Transportation Secretary Ray LaHood told a Senate subcommittee the Obama administration soon will unveil its plan to relaunch a cross-border trucking program along the U.S.-Mexico border.
“Our intention . . . is to restart this program,” LaHood said at a Thursday hearing before the Senate Appropriations Committee’s transportation and housing panel.
“It is a part of [the North America Free Trade Agreement]. It needs to be restarted,” he said.
When asked by Subcommittee Chairwoman Sen. Patty Murray (D-Wash.) when the administration would unveil its play, LaHood said it was “very close. . . . It is closer than soon.”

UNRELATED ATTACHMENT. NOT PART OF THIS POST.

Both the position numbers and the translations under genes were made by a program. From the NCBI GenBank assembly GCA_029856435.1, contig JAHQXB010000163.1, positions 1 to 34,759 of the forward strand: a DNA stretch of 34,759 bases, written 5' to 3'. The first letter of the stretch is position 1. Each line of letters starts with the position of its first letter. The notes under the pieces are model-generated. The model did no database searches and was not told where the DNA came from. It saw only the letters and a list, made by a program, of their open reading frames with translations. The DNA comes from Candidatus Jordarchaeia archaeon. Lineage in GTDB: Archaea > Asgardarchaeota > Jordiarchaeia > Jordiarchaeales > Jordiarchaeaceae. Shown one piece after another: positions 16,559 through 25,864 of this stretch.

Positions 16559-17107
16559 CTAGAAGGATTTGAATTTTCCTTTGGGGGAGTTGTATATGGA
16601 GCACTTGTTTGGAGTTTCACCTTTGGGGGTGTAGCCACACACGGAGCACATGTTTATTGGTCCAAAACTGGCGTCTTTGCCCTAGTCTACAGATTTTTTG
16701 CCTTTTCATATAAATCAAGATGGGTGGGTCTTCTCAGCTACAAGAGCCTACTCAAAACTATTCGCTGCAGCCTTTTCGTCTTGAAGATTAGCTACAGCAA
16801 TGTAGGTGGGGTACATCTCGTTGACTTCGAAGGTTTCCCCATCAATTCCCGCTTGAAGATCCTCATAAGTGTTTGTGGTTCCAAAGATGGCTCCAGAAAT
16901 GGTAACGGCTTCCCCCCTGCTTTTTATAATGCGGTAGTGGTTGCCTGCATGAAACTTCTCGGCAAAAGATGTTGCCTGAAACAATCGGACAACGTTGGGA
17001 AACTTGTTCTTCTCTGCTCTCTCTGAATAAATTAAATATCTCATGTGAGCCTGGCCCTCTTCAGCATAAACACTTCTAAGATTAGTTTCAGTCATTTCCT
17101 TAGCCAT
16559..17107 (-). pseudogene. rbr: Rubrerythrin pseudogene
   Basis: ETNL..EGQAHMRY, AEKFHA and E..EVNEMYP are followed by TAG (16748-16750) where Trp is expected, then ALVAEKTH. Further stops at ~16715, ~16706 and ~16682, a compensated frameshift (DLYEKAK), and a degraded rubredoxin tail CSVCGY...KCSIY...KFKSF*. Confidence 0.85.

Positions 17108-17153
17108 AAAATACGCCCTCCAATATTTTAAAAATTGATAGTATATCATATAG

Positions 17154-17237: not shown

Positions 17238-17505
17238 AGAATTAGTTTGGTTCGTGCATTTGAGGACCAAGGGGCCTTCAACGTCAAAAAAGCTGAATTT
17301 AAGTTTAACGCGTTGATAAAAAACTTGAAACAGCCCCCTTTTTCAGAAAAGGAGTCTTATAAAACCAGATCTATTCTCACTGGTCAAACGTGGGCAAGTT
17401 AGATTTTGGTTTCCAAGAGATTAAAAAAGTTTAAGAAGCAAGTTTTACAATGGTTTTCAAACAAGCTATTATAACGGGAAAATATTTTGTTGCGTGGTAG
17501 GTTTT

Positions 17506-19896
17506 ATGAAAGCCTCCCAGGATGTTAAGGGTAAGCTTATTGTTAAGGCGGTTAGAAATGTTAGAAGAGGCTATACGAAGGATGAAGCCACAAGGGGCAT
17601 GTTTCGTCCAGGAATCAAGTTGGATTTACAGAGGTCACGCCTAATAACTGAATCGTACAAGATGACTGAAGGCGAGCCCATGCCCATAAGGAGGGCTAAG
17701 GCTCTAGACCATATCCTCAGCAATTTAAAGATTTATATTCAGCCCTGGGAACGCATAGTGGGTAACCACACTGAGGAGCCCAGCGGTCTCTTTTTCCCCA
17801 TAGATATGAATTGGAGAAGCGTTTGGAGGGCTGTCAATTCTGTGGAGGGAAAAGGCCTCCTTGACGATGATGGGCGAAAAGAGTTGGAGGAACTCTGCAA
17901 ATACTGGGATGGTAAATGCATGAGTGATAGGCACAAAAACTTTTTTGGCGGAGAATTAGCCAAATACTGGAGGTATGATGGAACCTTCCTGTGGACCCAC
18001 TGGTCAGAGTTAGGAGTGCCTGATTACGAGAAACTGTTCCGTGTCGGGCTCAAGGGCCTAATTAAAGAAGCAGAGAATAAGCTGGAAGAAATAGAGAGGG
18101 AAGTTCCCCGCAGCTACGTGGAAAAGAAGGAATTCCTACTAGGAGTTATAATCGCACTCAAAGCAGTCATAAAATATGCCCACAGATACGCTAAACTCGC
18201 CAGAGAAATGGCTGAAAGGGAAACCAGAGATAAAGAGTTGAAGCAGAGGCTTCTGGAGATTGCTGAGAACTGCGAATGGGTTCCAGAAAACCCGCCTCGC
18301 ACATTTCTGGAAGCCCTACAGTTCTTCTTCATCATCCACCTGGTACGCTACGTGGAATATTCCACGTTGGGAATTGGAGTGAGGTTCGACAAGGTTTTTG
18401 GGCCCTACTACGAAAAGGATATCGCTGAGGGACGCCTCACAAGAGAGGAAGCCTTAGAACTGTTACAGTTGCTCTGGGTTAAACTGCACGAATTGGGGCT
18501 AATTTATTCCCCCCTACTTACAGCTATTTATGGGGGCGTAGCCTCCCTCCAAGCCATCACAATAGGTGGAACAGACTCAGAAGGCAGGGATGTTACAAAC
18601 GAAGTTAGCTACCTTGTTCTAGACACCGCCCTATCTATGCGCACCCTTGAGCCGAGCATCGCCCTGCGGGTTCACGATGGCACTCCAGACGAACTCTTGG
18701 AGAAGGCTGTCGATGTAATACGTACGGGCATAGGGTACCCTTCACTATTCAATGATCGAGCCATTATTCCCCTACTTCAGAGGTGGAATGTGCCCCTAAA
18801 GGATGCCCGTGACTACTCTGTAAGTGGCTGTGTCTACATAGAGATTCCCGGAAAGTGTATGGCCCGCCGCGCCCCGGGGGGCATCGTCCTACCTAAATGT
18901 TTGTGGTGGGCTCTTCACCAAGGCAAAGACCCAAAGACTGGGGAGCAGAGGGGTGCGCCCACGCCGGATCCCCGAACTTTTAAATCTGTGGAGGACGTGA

Mexican President Felipe Calderon is scheduled to meet with President Obama in Washington next week. Murray said Arturo Sarukhan, Mexico’s ambassador to the United States, has said that Calderon plans to raise the issue during the visit.
“We are hoping that with [Calderon] coming later this month that we can have a resolution of this,” Murray said.
Mexican trucks are allowed to operate in a zone of about 25 miles on the American side of the U.S.-Mexico border. Under the Bush administration, the Department of Transportation began a pilot program in 2007 to allow some Mexican carriers free access to all U.S. roads.
The Obama administration suspended that program in March 2009 and a group of Mexican carriers last year sued the U.S. for $6 billion for violating NAFTA provisions.